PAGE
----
• This technology has been combined with horizontal drilling and fracturing in the 1980’s and 90’s
potential environmental impacts of shale gas development
Potential Environmental Impacts of Shale Gas Development
  • Drill Pad Construction and Operation
  • Groundwater Contamination (most controversial issue)
  • Hydraulic Fracturing and Flowback Water Management (another controversial issue)
  • Blowouts and House Explosions
  • Water Consumption and Supply
  • Spill Management and Surface Water Protection
  • Small earthquakes from injecting fracking wastewaters in deep underground reservoirs (Youngstown, Ohio, December 31, 2011, 2.7 and 4.0 Richter Magnitude earthquakes possibly caused by injection fluids)
the controversy issue 1 migration of fracture fluids and or methane to aquifers
The controversyissue 1: Migration of fracture fluids (and/or methane) to aquifers
  • Industry says: No evidence of fracturing fluids found in aquifers
  • It is highly unlikely/improbable that fracture fluids can migrate through the overlying rocks to the aquifers
  • It is not yet really understood how multiple fractures from repeated fracking operations in the same site may interact
  • How fractures may interact with old oil wells, and pre-existing natural faults and fractures
thermogenic methane contamination near hydraulic fracturing operations
Thermogenic methane contamination near hydraulic fracturing operations

However, this study found no evidence for contamination of the shallow wells near active drilling sites from deep brines and/or fracturing fluids.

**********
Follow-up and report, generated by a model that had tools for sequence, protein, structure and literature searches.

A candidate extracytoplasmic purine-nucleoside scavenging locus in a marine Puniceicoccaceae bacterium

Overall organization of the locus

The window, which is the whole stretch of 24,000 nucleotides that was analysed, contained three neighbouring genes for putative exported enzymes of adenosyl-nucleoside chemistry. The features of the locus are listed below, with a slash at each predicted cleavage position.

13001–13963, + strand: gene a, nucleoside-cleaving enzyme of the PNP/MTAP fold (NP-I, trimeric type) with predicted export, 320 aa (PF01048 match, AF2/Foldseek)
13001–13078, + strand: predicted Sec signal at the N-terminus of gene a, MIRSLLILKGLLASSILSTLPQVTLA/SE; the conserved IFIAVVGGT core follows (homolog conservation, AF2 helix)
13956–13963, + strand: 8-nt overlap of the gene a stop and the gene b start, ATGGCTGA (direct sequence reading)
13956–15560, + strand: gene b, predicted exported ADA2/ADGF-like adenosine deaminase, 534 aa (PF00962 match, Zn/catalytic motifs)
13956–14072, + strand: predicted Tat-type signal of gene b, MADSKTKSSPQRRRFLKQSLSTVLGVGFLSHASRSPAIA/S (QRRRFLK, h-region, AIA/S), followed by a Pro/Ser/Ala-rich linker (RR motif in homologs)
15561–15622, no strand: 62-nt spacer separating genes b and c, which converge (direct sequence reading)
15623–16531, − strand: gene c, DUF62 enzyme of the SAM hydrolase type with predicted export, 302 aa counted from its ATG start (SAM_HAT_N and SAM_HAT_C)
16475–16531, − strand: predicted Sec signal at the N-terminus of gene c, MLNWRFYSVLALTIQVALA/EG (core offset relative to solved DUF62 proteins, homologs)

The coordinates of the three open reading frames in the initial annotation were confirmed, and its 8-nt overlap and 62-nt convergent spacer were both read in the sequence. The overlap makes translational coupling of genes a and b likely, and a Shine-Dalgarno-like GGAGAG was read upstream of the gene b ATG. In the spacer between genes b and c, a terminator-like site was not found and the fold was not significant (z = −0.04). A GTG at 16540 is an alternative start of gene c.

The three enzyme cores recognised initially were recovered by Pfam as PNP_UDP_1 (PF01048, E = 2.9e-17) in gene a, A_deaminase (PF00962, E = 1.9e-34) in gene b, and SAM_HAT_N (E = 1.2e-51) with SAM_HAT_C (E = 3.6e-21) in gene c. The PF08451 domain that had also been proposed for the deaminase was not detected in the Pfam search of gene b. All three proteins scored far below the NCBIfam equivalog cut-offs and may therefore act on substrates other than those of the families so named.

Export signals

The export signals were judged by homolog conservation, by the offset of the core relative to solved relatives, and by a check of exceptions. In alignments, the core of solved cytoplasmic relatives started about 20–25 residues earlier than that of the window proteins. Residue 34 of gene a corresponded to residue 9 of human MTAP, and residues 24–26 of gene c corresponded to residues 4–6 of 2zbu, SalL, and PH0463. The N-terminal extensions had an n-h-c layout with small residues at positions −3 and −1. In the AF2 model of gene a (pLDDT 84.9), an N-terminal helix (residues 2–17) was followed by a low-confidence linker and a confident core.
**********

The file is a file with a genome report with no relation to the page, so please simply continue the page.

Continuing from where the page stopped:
PNAS, May 2011

slide17

Leakage from wells seem to be the most likely cause for groundwater contamination by thermogenic methane and/or fracture fluids.

Can be :

  • Through the hole between the rock formation and cement
  • Through the gap between the cement and steel casing
  • Through leaky/cracked gas-well casing
the controversy issue 2 groundwater contamination from additives in fracture fluids
The controversyissue 2: Groundwater contamination from additives in fracture fluids
  • Industry says: fracturing fluids contain 90% water, 9.5% sand or other particles, and less than 1% additives
  • ALL these additives are used in common household products. Exposure is not unique to fracking chemicals
  • Additives may include 2-BE (destroys red blood cells among other effects), naphthalene (probable carcinogen), and benzene (known carcinogen)
  • 15,000 – 60,000 gallons of additives are needed for a single lateral
flowback and produced water management
Flowback and Produced Water Management
  • After fracking, the injected fluid plus water from the shale is brought back up on surface for treatment, recycling, and/or disposal
  • This water contains saline water from the shale formation, fracking fluids, and arsenic
  • This can cause surface water contamination if not disposed/managed properly (spills)
  • Primarily disposed in injection wells (can cause earthquakes by lubricating faults)
  • Recycling and reusing this water will cut down the water consumed by fracking(see next slide)
water use for fracking operations
Water use for fracking operations
  • Typically 4 to 6 million gallons per well

“EPA estimated that if 35,000 wells are hydraulically fractured annually in the US, the amount of water consumed would be equivalent to that used by 5 million people.”

  • Source of water used from fracking operations varies, and is not well documented or monitored